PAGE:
Christine and I have been friends since college. When I saw the Kiva logo on her blog, I decided to ask her a few questions.
Jeff: Christine, thanks for taking the time to sit down (via email) with Adventist Activism to talk about Kiva. Tell us about their work and your involvement with it.
Christine: Kiva is a grassroots organization serving the working poor by connecting people with money to lend directly to the individual(s) they’ll fund. Describing themselves as “the world’s first person-to-person, micro-lending website,” Kiva’s loans enable entrepreneurs to start or grow a business.
I’m a five-time lender, which sounds like a lot. It really isn’t. I started by investing $100 in Kiva last year. As the money is repaid, I reinvest in another applicant. When I get a big paycheck, I invest another $25 or $50, whatever I can.
As a lender, I can review applicants by category such as food or transportation, by gender, by region and more. Ever since I’ve been a self-sufficient, bill-paying adult, I’ve looked for ways to help keep other people fed. Thethat I’ve helped fund are a way to help people feed themselves.
Jeff: What motivated you to move from just being impressed with Kiva to actually putting your money on the table?
Christine: Because I’m an entrepreneur myself, I know how difficult it can be to raise funds in a way that feels respectable — like not a parental loan, okay? Nothing shady. Being able to put the exact amount of money I’m lending directly into the hands of an individual who’s building a business, without having it skimmed first for overhead and marketing expenses, really appealed to me. I don’t have a lot of extra money and I’d much rather spend it on selfish things — books and pastries, mostly. I like to know that 100% of the money I lend goes where I send it, and the $25 minimum loan amount is really doable for me.
Jeff: If our readers want to get involved, what is the process?
Christine: Visit www.kiva.org and hit the “Lend” tab. Read through the requests, and I think you’ll really connect with the people. It’s hard to say no to someone who only needs a small loan to buy a few chickens to raise to sell eggs or a person who needs a moped in order to collect recycling. You can make donations by credit card online and then keep track of your investment with emails from Kiva. When your loan is repaid, you can withdraw the credit back to your card or you can choose another applicant and reinvest. Once I saw how the site worked and the loans worked, I kept on investing. I feel my money is being used to give another person a boost, which is all I can ask for, really. Go take a look over your next lunch break.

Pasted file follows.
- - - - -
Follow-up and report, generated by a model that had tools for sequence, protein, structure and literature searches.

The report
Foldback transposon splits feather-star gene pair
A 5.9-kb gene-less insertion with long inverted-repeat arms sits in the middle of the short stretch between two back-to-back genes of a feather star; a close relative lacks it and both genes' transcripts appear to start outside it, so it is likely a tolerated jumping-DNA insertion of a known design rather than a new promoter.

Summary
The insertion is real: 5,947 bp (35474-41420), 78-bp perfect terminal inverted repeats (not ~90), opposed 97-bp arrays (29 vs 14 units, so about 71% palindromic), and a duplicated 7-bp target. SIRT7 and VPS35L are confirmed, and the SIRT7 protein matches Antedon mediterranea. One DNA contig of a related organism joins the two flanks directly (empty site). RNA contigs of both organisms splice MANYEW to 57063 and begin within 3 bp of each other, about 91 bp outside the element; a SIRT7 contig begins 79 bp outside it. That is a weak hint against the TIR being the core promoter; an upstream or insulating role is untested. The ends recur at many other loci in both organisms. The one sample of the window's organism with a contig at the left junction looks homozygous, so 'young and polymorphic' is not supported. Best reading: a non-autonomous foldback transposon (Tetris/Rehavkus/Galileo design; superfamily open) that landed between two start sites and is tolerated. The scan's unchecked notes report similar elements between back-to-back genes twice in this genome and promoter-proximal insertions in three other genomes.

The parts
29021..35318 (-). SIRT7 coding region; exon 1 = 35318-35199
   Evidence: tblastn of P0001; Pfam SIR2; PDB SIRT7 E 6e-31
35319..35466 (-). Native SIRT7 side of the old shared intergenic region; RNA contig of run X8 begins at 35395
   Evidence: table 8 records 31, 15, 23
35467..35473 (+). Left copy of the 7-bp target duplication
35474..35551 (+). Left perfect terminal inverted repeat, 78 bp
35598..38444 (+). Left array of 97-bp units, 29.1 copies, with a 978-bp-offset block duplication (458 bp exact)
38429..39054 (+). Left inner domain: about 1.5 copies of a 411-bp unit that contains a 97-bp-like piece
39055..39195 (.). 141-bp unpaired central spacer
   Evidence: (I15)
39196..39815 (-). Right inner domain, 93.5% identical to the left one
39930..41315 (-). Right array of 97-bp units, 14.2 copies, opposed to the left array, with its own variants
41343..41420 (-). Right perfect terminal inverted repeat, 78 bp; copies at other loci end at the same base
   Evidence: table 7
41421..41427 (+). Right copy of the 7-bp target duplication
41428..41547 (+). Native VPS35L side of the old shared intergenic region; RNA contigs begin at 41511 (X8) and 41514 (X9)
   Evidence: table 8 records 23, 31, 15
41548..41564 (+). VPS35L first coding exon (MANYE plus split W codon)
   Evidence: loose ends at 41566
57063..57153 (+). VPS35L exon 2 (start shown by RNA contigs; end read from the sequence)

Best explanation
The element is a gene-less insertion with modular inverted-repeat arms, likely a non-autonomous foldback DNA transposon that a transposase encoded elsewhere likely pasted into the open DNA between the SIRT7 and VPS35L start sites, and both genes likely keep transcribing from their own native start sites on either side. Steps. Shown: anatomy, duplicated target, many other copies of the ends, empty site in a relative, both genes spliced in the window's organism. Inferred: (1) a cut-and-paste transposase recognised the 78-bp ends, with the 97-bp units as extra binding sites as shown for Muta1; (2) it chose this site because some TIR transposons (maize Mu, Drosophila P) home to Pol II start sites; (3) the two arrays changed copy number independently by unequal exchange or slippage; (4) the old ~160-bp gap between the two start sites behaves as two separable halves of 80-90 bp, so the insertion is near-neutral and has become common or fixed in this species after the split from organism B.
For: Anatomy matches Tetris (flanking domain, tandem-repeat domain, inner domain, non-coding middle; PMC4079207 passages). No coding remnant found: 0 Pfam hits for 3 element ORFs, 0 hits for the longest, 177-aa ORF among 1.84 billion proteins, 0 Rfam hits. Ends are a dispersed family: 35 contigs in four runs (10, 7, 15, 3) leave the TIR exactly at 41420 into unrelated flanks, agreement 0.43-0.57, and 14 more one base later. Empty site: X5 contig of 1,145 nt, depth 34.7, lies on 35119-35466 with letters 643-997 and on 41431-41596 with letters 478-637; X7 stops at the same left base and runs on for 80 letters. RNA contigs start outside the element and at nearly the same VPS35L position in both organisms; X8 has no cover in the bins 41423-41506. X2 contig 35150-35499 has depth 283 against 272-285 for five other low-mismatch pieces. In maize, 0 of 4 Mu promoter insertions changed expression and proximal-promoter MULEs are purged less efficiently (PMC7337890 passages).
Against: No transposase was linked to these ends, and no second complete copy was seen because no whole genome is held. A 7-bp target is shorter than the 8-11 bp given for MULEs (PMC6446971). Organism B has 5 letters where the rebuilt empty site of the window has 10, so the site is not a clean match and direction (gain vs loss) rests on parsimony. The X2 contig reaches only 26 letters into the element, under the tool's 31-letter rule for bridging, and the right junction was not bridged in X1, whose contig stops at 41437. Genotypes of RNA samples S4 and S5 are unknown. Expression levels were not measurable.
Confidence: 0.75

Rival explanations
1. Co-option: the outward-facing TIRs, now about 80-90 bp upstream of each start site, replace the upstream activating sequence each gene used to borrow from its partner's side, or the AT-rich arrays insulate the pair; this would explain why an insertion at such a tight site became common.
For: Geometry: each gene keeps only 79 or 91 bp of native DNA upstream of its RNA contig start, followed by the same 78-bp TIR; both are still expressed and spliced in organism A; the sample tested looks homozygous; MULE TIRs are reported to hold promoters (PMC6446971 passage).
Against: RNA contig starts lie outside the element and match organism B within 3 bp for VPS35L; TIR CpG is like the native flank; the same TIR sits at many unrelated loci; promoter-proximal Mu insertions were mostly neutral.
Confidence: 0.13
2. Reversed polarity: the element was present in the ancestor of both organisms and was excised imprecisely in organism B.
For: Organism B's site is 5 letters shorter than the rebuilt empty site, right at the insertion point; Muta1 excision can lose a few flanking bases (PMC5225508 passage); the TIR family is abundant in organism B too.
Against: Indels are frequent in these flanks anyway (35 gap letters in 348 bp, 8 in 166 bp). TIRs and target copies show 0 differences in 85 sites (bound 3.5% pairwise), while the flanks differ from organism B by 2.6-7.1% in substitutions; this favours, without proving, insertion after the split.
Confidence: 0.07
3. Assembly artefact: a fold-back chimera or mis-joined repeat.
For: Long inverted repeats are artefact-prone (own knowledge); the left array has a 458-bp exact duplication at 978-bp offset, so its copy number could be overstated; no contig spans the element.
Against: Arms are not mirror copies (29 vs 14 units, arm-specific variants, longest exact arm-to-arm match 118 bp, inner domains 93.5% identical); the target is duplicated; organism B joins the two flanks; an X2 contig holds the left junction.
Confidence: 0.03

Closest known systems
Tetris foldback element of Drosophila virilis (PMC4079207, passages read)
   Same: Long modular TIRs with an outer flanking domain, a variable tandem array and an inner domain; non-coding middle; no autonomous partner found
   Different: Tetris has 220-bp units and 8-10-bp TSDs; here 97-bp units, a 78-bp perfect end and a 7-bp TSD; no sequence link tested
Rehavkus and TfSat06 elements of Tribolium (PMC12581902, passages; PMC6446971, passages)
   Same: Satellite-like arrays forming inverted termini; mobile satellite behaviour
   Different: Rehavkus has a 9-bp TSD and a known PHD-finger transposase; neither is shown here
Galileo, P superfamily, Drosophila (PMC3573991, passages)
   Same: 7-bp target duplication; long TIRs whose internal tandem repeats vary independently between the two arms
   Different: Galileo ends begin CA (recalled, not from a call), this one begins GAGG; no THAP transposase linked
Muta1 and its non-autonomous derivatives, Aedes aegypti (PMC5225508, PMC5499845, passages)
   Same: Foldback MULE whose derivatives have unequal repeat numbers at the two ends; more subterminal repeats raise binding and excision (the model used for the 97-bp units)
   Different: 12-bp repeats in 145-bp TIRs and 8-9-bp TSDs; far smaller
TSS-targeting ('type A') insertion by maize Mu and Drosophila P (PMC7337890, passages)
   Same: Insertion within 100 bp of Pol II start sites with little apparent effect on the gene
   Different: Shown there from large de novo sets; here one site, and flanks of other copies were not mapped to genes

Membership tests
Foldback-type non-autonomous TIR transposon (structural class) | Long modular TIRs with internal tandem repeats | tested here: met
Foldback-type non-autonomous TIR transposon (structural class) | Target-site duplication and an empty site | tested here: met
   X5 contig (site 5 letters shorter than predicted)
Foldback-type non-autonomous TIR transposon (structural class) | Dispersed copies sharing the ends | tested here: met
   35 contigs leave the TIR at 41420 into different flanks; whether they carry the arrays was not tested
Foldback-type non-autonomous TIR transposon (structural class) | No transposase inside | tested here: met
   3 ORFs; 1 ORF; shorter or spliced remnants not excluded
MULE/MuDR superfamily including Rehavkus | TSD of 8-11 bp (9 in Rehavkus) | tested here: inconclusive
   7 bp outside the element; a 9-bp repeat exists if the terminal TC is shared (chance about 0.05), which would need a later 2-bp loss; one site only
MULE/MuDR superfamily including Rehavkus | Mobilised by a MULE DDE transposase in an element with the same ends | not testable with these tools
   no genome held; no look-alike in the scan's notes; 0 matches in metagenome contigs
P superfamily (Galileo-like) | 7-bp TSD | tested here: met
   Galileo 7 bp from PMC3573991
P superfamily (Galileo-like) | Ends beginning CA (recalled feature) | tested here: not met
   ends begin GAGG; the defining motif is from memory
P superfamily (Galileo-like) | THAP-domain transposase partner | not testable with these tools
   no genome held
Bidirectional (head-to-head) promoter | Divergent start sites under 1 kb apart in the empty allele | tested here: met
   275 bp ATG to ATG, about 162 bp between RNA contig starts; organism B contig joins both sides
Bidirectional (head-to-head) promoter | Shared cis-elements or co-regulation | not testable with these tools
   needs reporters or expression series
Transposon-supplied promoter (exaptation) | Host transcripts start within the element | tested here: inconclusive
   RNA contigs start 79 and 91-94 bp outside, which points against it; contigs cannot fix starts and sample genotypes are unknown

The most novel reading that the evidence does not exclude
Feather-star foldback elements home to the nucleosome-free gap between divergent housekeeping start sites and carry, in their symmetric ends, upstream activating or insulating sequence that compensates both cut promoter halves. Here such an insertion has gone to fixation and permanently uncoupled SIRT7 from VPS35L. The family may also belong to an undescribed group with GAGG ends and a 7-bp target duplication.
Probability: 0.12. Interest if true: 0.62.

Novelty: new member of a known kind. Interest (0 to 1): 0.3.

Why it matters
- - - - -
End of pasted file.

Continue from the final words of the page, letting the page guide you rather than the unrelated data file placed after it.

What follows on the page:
Jeff: Thanks a lot for sharing with us. I hope we’ll hear more from you in the future here at Adventist Activism.
- Microcredit (Wikipedia)
- Micro Credit (Compassion in Politics)
- Micro Finance (ADRA)
- Micro-Loans for Americans? (Fortune)
- Banker To The Poor: Micro-Lending and the Battle Against World Poverty (Muhammad Yunus)
- Creating a World Without Poverty: Social Business and the Future of Capitalism (Muhammad Yunus)
- How to Change the World: Social Entrepreneurs and the Power of New Ideas (David Bornstein)
- A Billion Bootstraps: Microcredit, Barefoot Banking, and The Business Solution for Ending Poverty (Philip Smith, Eric Thurman)
- Microfinance Handbook: An Institutional and Financial Perspective (Joanna Ledgerwood)